You can also create a free e-mail account that you use only for setting up chat apps and social-media accounts. Creating a unique, strong password for each application is another must. If you can’t face the prospect of setting up a password manager, “it’s okay to write it down,” perhaps in an address book, “and keep it on your person,” Felkar says, as most hacking is done at a distance anyway. It’s also important to ensure you always have the latest versions of your system software and applications by downloading updates as soon as they’re released, since updates are often security patches.
Finally, there’s no shame in getting help to set up an account or learn the ropes—your local library is a logical place to start. Many run regular workshops, classes, and drop-in sessions on various aspects of digital-media use. Even if your local branch doesn’t, librarians can usually guide you nonetheless and connect you with other resources.
Here are three other advantages of using your library as a jumping-off point: no need to impose on your kids; the reassurance that many other people are equally in need of assistance; and the knowledge that librarians are unbiased, since, unlike your Internet provider or the staff at the Genius Bar, their livelihood doesn’t depend on selling a product or service. In fact, providing this kind of assistance is part of a librarian’s raison d’être. “Librarians are about helping to connect people with the right information and helping them understand the implications of the information they’re using or sharing,” Samantha Mills says, “and that has continued into the digital age.” Library websites, too, are a treasure trove of information.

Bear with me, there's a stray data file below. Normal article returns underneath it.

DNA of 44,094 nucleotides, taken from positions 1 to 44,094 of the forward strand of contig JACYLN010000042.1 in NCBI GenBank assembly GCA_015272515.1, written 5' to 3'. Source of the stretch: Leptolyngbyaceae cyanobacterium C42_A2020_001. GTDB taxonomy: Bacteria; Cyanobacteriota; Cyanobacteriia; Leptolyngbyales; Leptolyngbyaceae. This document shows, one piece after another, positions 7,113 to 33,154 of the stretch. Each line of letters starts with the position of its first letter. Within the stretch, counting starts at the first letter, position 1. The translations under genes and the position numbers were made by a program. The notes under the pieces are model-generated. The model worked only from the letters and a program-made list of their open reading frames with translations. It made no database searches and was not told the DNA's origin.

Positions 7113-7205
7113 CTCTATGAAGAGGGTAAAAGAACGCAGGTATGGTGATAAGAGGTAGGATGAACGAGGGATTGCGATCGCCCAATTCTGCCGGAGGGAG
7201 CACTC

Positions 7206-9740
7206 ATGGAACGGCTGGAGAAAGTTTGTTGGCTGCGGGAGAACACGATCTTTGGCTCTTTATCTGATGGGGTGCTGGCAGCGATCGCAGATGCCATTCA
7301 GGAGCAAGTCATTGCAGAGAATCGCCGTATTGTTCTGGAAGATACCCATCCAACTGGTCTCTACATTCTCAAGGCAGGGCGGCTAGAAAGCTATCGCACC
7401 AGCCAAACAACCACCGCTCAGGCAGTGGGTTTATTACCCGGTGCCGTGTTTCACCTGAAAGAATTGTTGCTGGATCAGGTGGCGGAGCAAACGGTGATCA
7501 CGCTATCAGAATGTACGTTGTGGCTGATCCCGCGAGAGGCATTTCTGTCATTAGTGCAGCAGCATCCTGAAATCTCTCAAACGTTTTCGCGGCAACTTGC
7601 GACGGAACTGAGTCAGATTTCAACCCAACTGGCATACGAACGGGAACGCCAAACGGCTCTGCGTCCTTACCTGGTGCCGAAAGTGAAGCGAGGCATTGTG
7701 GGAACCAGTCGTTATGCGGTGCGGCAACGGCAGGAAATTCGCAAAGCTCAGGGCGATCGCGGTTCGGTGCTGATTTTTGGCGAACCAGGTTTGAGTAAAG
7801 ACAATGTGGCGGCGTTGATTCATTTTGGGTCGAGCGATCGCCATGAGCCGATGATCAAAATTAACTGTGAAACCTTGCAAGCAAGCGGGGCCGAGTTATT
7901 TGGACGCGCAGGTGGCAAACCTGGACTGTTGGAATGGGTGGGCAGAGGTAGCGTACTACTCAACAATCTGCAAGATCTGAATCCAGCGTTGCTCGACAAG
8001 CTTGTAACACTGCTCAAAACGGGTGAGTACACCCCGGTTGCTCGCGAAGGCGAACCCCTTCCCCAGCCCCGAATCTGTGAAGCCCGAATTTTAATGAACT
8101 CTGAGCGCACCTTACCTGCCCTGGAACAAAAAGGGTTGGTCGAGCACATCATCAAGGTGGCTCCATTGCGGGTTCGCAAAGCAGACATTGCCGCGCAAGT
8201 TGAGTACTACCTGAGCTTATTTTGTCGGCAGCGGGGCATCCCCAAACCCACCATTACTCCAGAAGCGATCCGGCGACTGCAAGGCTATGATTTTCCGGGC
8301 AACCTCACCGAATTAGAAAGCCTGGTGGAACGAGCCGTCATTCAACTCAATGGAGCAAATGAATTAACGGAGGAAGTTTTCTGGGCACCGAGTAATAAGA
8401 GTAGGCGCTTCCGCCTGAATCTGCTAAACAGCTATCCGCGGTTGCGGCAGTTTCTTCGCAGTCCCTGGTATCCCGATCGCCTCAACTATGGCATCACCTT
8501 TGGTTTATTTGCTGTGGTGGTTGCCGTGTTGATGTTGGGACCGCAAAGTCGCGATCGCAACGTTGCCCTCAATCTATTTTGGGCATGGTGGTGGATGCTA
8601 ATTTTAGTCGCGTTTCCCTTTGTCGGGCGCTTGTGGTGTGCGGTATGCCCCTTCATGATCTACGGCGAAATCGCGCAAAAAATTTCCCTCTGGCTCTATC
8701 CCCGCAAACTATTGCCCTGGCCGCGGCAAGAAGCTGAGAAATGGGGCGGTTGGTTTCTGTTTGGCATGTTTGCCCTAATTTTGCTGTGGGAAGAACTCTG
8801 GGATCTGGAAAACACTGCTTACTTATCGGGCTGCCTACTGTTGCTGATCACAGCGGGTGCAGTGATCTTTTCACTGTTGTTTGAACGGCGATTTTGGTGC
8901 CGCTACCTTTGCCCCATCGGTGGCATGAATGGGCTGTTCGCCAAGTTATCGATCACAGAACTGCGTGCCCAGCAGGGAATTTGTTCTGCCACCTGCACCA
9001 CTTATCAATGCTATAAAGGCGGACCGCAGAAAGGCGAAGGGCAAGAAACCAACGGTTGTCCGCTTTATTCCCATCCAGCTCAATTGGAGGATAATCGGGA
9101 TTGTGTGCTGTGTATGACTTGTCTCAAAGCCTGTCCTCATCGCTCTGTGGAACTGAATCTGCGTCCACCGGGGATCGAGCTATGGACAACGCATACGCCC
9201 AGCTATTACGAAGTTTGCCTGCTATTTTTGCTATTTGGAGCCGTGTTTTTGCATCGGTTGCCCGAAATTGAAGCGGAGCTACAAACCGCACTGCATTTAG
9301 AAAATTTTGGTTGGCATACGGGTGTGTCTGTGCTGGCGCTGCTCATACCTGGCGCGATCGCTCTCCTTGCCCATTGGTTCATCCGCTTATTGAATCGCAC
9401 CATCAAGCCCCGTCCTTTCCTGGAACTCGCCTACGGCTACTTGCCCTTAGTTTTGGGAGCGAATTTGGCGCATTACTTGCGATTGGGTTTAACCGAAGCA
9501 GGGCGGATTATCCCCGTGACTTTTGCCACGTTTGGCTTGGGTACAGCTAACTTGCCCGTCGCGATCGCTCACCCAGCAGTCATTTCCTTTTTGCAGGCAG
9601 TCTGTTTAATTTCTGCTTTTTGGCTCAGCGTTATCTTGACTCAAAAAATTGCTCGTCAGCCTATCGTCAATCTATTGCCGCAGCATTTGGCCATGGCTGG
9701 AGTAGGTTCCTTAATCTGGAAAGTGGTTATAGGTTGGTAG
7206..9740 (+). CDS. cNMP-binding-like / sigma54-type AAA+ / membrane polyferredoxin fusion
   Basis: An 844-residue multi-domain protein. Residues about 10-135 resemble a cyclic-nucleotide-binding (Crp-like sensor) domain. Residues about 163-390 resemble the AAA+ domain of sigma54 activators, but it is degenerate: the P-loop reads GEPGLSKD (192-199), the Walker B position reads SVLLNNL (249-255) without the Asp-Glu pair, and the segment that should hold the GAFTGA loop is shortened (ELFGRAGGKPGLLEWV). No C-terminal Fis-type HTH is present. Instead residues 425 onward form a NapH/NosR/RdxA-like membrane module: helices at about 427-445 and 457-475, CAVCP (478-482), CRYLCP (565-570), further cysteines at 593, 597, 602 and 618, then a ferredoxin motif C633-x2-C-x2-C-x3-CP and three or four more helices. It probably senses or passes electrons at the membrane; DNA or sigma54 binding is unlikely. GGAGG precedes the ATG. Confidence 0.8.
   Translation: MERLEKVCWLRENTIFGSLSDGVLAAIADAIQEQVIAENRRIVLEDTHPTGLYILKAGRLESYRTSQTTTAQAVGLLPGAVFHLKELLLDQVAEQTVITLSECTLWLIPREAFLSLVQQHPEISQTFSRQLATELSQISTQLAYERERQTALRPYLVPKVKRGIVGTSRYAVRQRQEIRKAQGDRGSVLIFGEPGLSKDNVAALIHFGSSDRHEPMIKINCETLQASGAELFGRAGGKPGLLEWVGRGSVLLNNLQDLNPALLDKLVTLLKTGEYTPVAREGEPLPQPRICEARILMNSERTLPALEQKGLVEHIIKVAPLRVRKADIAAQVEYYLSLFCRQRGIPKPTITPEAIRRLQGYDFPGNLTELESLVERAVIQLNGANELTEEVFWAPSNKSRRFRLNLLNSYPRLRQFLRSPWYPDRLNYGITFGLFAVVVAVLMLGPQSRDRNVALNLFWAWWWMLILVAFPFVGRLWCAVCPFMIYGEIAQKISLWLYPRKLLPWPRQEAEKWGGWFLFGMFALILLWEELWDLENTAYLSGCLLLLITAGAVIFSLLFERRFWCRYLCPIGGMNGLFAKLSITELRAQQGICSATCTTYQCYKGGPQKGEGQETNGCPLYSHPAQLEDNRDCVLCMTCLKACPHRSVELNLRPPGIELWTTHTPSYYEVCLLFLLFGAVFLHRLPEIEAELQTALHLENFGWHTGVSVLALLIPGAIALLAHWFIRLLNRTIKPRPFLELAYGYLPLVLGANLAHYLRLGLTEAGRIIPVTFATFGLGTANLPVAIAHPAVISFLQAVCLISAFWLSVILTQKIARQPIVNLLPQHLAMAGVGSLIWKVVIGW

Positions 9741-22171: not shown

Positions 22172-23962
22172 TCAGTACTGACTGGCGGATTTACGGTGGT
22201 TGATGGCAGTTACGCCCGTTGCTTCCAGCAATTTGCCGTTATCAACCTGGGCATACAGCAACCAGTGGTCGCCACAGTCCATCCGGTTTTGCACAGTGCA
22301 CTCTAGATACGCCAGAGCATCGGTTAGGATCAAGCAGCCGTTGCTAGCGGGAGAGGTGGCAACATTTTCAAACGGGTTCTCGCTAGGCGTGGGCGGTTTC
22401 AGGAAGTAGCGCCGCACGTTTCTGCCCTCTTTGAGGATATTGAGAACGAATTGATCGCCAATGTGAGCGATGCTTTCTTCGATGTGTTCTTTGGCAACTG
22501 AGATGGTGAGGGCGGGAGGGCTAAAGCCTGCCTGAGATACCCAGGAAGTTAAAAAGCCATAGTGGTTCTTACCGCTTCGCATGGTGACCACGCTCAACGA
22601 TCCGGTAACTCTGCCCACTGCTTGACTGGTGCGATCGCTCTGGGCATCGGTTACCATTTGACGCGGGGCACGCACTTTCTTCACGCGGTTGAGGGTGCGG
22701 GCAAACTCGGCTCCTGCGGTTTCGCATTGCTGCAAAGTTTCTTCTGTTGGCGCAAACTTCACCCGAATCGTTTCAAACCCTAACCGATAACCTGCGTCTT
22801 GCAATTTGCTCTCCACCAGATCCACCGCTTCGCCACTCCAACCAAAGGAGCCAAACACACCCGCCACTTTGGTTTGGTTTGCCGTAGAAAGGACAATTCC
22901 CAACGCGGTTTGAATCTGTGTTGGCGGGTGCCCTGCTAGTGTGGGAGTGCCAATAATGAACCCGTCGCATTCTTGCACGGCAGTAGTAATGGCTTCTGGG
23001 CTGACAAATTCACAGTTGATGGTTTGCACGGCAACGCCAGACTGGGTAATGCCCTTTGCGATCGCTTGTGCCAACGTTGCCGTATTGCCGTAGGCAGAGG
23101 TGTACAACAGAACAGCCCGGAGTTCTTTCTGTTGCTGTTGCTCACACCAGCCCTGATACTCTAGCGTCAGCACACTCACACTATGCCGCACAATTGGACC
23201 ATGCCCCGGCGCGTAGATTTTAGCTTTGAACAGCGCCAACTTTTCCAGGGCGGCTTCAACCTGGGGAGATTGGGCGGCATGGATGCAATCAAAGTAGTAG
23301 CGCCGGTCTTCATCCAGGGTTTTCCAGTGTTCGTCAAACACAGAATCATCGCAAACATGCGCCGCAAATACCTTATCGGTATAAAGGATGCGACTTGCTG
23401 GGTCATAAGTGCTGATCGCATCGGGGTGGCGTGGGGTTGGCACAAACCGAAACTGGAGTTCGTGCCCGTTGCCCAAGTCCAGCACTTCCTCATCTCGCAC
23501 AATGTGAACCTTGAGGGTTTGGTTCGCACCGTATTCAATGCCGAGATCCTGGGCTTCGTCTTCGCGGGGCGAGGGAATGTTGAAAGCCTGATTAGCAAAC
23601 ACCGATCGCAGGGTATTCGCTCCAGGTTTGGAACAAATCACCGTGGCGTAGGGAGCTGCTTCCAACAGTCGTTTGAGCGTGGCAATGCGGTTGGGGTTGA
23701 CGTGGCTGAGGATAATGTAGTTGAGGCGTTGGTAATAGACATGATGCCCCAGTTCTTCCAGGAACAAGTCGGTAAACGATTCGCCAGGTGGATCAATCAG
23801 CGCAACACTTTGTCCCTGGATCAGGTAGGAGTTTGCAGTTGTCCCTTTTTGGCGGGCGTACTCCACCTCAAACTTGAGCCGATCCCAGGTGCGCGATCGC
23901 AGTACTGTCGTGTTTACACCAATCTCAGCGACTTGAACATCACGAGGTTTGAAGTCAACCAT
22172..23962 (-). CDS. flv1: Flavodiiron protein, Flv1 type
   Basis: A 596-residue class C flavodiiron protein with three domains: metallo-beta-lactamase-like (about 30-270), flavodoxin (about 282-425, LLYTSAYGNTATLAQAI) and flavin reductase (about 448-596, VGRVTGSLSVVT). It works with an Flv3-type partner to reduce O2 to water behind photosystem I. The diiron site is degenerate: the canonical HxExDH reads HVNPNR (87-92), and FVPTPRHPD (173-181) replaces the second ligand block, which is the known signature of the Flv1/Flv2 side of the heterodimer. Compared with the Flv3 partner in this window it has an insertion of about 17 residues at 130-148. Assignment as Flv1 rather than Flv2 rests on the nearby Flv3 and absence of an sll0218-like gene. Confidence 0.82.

So dive in. Before you know it, you’ll confidently be arranging a video chat so you can see your new grandchild, sending group voice memos to arrange a family birthday party, and messaging back and forth with a pal who’s house-sitting while you’re holidaying half a world away.
competitionbureau.gc.ca (Search for “The Little Black Book of Scams, 2nd edition.”)